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Phospholipase C-related catalytically inactive protein (PRIP) was first identified as an inositol 1,4,5-trisphosphate-binding protein, and was later found to be involved in a variety of cellular events, particularly those related to protein phosphatases. We previously reported that Prip knock-out (KO) mice exhibit a lean phenotype with a small amount of white adipose tissue. In the present study, we examined whether PRIP is involved in energy metabolism, which could explain the lean phenotype, using high-fat diet (HFD)-fed mice. Prip-KO mice showed resistance to HFD-induced obesity, resulting in protection from glucose metabolism dysfunction and insulin resistance. Energy expenditure and body temperature at night were significantly higher in Prip-KO mice than in wild-type mice. Gene and protein expression of uncoupling protein 1 (UCP1), a thermogenic protein, was up-regulated in Prip-KO brown adipocytes in thermoneutral or cold environments. These phenotypes were caused by the promotion of lipolysis in Prip-KO brown adipocytes, which is triggered by up-regulation of phosphorylation of the lipolysis-related proteins hormone-sensitive lipase and perilipin, followed by activation of UCP1 and/or up-regulation of thermogenesis-related genes (e.g. peroxisome proliferator-activated receptor-γ coactivator-1α). The results indicate that PRIP negatively regulates UCP1-mediated thermogenesis in brown adipocytes.
Obesity, which develops due to chronic excess food intake that exceeds total energy expenditure, is becoming an epidemic worldwide. Obesity is a risk factor for many chronic diseases, such as type 2 diabetes mellitus, cardiovascular disease, dyslipidemia, obstructive sleep apnea, and certain forms of cancer, which is decreasing both the quality and length of life, and increasing individual and national healthcare costs (1). To maintain energy homeostasis at the appropriate level for a given environmental condition, a complex interplay exists between the central nervous system and the peripheral organs. In the periphery, nutrient levels are regulated in key storage organs (e.g. fat in adipose tissue and glycogen in the liver and elsewhere) as well as in the blood (e.g. blood glucose) (2).
In mammals, adipose tissue exists as mainly as two different types: white adipose tissue (WAT)3 and brown adipose tissue (BAT). As the major form of energy storage, fat in white adipocytes provides a buffer for energy imbalances when energy intake is not equal to energy output; i.e. excessive energy is stored as triglyceride (TAG) and is supplied to the body by lipolysis in a nutrient-starved state. Brown adipocytes directly dissipate the chemical energy in fatty acids through uncoupling protein 1 (UCP1); i.e. the enzyme uncouples respiration from ATP synthesis and dissipates the energy as heat (3).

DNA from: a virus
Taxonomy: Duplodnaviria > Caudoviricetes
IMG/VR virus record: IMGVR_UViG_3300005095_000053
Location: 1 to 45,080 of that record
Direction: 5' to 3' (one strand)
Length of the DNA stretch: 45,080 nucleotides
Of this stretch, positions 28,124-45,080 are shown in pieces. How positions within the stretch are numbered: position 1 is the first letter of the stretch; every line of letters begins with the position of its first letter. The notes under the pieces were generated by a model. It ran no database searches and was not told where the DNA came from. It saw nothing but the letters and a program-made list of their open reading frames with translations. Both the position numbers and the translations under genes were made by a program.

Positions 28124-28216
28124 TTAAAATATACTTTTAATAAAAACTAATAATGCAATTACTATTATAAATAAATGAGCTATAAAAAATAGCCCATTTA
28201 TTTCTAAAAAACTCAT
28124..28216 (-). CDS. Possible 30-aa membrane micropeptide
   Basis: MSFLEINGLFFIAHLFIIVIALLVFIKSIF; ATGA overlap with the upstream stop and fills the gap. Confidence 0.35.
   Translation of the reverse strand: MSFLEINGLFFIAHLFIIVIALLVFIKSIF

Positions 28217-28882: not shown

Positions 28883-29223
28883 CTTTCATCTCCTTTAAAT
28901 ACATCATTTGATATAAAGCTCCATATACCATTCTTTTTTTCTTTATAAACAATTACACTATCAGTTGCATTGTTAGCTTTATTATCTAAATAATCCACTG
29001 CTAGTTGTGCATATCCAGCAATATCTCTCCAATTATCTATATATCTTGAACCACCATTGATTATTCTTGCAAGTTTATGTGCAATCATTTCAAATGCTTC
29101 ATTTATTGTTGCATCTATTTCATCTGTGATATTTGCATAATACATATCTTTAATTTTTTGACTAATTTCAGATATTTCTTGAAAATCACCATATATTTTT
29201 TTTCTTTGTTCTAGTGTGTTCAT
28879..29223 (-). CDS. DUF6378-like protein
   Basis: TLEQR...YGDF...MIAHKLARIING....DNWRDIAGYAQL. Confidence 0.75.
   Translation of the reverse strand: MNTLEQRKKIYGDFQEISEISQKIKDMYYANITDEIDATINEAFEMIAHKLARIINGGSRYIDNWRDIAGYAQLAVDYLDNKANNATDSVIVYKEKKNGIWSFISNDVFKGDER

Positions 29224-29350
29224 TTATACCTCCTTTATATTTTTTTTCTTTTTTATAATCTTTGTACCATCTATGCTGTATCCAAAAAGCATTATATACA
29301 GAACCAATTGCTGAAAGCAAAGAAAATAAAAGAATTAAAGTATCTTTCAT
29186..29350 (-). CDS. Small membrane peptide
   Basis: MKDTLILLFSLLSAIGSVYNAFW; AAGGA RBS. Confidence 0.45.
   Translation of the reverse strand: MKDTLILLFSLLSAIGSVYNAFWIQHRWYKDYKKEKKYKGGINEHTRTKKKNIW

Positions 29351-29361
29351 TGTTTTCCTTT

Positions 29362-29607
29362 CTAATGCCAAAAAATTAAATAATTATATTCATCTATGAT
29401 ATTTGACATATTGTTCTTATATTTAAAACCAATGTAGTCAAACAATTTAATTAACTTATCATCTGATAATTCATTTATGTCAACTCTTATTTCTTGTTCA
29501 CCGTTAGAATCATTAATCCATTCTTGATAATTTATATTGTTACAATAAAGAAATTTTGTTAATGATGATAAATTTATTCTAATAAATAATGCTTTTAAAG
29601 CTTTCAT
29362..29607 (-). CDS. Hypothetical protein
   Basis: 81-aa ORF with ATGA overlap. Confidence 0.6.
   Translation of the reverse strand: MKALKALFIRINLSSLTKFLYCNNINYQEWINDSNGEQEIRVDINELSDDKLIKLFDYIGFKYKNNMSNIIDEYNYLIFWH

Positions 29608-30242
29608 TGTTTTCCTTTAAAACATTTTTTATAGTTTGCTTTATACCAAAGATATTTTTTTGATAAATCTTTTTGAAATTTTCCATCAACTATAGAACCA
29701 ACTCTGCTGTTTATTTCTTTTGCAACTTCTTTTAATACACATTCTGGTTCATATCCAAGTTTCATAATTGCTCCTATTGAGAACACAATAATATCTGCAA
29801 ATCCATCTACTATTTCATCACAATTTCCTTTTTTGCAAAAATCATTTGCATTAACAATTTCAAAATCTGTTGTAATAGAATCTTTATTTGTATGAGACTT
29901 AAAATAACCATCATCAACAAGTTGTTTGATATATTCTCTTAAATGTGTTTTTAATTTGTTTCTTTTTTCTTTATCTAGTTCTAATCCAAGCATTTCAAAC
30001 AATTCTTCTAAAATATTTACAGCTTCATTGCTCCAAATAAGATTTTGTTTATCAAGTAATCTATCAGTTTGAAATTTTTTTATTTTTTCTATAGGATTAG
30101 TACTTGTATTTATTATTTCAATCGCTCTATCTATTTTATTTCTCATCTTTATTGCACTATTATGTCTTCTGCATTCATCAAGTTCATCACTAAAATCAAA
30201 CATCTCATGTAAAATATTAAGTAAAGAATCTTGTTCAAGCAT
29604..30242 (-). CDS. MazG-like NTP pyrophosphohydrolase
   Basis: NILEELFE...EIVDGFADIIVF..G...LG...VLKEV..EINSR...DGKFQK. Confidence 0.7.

Recently, many studies have shown that BAT participates in adult human obesity, and activation of UCP1-mediated thermogenesis in BAT prevents obesity and diabetes (3,–5). Therefore, BAT has attracted much attention as a target for the treatment of obesity, diabetes mellitus, and other metabolic diseases. In mammals, sympathetic hyperactivity causes β-adrenergic receptor (β-AR)-induced cAMP-dependent protein kinase (PKA) activation, followed by activation of lipolysis in brown adipocytes. Consequently, elevated intracellular fatty acids activate UCP1-mediated heat generation (6, 7). PKA activation also regulates thermogenesis through transcriptional control in BAT (8).
PKA triggers lipolysis in white and brown adipocytes by indirectly activating adipose triglyceride lipase (ATGL) through phosphorylation of perilipin (9) and direct phosphorylation and activation of hormone-sensitive lipase (HSL) (10). Stepwise breakdown of TAG is catalyzed by a series of enzymes: ATGL, HSL, and monoacylglycerol lipase, and produces free fatty acids (FFAs) and glycerol. In the regulation of thermogenic gene expression, PKA mediates the phosphorylation of cAMP response element-binding protein (CREB) and p38 mitogen-activated protein kinase (p38 MAPK), followed by activation of the gene expression of peroxisome proliferator-activated receptor (PPAR)-γ coactivator-1α (PGC1α) (3, 11, 12). Mottillo et al. (8) recently reported that β-AR-induced lipolysis promotes PPARα and PPARδ activation followed by Ucp1 gene expression in brown adipocytes.
The dephosphorylation of perilipin and HSL, catalyzed by protein phosphatase 1 (PP1) or protein phosphatase 2A (PP2A), inhibits lipolysis (13,–15). We first identified phospholipase C-related catalytically inactive protein (PRIP) as a signaling protein (16,–23); it was later found to be involved in intracellular trafficking of the type-A γ-aminobutyric acid receptor by regulating protein phosphatases (24,–30). Furthermore, by analyzing WAT from Prip knock-out (Prip-KO) mice, we recently demonstrated that PRIP enhances PP1 and PP2A translocation to lipid droplets and negatively regulates lipolysis through dephosphorylation of HSL and perilipin (31). Prip-KO mice showed a lean phenotype, even though their food intake was similar to or even greater than that of wild-type mice. Hence, in the present study, we investigated how PRIP regulates whole body energy metabolism, with special attention to UCP1-mediated thermogenesis in BAT.
There are two homologs of PRIP in mammals, PRIP1 and PRIP2. Prip1-KO and Prip2-KO mouse strains (25, 32) were mated to produce Prip1 and Prip2 double knock-out (Prip-KO) mice, and corresponding wild-type mice as described previously (27, 28). Briefly, heterozygous (Prip1+/−, Prip2+/−) mice were mated to generate a Prip-KO strain and corresponding wild-type strain. Each strain of littermates was mated inter se, and F1 generations of Prip-KO or wild-type homozygotes were obtained. To obtain the required number of experimental mice, each strain of mice were mated inter se, and F2 to F5 generations were used for the experiments. Mice were housed under specific pathogen-free conditions at the Kasumi Laboratory Animal Center of Hiroshima University under a 12-h light/dark cycle at 23 ± 2 °C. Mice had ad libitum access to water and either a regular diet (RD: MF, 3.59 kcal/g, 12.5% of calories from fat) or a high-fat diet (HFD: HFD-60, 5.06 kcal/g, 60% of calories from fat; both from Oriental Yeast Co. Ltd., Tokyo, Japan). Mice were fed either RD or HFD from the age of 5 to 20 weeks, and male mice were used in all experiments. This study was approved by the Animal Care and Use Committee of Hiroshima University (permission numbers: A12-98, A14-70) and was performed in accordance with the Guide for Hiroshima University Animal Experimentation Regulation.